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Samsung has the gadgets to lock you into a truly internet-connected home. Should you buy it?

Can you see where the smart home starts?
Published Last updated This article is more than 2 years old.

Quietly, Samsung may have just ushered in the era of the truly connected home.

At a splashy event in New York on Wednesday (March 29), the company pulled the curtain back on Bixby, its new digital assistant that can understand contextual questions, and control internet-of-things devices. For now, it will only reside in its new Galaxy S8 smartphones, but in the future, the company confirmed that it plans to bring it to just about every electronic device it produces—something it explained to Quartz in detail at this year’s Consumer Electronics Show.

Samsung’s new router, the Connect Home.

Another device Samsung unveiled was a wifi router, called the Samsung Connect Home. Looking exceedingly similar to other routers on the market that aim to blanket your home in internet connectivity, the Connect Home is also meant to act as a gatekeeper for all the internet-connected devices in your home. It can monitor the internet activity of any tablet, phone, or computer, but it also works as a go-between for IoT devices made by Samsung, Ring, Philips, Netgear, and other manufacturers, and you. Through Samsung’s new Bixby assistant, you can theoretically speak to your phone, and have your robot vacuum cleaner head out on its daily mission, or ask it to show you what the inside of your fridge looks like (did you remember to pick up milk yesterday?), and the Connect Home will be able to complete all these tasks for you, regardless of where you are.

The S8 and S8+ will come in three colors in the US: Black, grey, and silver.

It’s not a wildly new proposition—Apple’s Siri and Google’s Assistant both have some ability to send out commands to IoT devices. And millions bark orders at technology through Amazon’s Echo every day. But arguably no other company in the world has the scope that Samsung has. Samsung is one of the largest producers in the world of smartphones, televisions, and many of the white goods around the home.

It makes fridges, ovens, washing machines, microwaves, air conditioners, and vacuums. It makes computers, tablets, laptops, stereos, and VR headsets. Right now, it sells versions of most of these that connect to the internet. Earlier this year, Samsung announced that it would soon only produce TVs that could connect to the internet.

In Samsung’s vision of a perfect world, its consumers would use a Samsung phone to control their Samsung TV, run their laundry through Samsung machines, and cook dinner on Samsung appliances.

While this may seem like a Samsung boardroom fantasy, but there’s some rationale to it. Millions of consumers have purchased iPads, Apple Watches, AirPods, and all sorts of other Cupertino-designed electronics and accessories because they’ve bought into Apple’s design ethos—or because they thought they’d be necessary companions for Apple’s computers, and the iPhone. These devices have locked consumers into Apple’s ecosystem.

Samsung is pushing ahead on design, especially in mobile and televisions, arguably more than Apple is right now. It’s entirely possible that if consumers find utility in internet-connected versions of the stuff they’re always going to need (the fridge is unlikely to be disrupted anytime soon), that they’ll see the benefit of buying into a single ecosystem where every device knows how to speak to each other.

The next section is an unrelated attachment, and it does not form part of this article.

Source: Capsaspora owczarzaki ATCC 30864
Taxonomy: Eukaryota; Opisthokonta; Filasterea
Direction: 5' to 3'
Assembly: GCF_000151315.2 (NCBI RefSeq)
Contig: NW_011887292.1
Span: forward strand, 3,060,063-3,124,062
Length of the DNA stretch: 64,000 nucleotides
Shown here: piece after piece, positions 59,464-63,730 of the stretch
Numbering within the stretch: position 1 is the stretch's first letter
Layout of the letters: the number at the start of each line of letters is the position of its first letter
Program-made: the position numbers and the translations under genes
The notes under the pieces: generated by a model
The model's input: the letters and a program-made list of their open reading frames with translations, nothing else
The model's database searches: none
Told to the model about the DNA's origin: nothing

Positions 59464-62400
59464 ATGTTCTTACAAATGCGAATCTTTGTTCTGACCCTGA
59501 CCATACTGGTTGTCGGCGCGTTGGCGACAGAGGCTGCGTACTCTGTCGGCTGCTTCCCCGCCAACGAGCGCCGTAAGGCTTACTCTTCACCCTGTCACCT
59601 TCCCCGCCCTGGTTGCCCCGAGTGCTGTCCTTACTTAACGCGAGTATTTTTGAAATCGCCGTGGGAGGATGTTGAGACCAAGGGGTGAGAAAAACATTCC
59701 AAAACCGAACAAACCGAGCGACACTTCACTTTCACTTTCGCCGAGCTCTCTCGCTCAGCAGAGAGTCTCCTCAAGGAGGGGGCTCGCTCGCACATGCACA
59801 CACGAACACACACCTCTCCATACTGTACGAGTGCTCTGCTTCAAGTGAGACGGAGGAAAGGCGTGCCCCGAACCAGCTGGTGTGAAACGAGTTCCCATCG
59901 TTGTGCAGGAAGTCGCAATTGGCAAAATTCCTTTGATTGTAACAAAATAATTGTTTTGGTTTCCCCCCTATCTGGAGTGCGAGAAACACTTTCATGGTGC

Samsung’s smart fridge.

In the near future, Samsung envisions Bixby being available on all of its internet-connected products. You’ll be able to ask your washing machine to start the oven, or your fridge to turn on the air conditioner, because you’ll be talking to the same Bixby on any of these devices. While that’s an enticing idea in theory, where everything runs seamlessly, and Samsung can diversify its revenue away from smartphones and component sales, there are all sorts of issues that could hamper that reality.

Samsung’s last major smartphone release before Wednesday, the Note 7, had to be recalled globally for catching fire, as a result of multiple production issues. A line of washing machines also had exploding issues late last year. Is consumer confidence in Samsung’s quality high enough right now for people to deck out their houses in its products?

Even if they’re not exploding, are all these devices going to work as seamlessly as we’d hope? Owners of Google’s Nest thermostats have been left freezing because of software bugs. What happens when the same system is controlling every electronic device in the house? Will you not be able to cook dinner because your washing machine needs a firmware update? Samsung’s own attempts at operating systems (it relies on a modified version of Google’s Android for its mobile devices, Oculus’s setup for its VR devices, and its own Tizen system for smartwatches and TVs) have not always been met with positive reactions, but they seem to be getting better. However, more devices running on unified systems means more chances for headaches—the latest version of iOS doesn’t run nearly as well on an iPhone 5 from 2012 as it does on a brand-new iPad Pro, for example.

Whether Samsung can actually pull off the first truly connected home remains to be seen, and may largely come down to how Bixby, the Galaxy S8, and Samsung Connect Home are received. But for now, Samsung seems content jamming processors and wifi radios into just about everything it produces.

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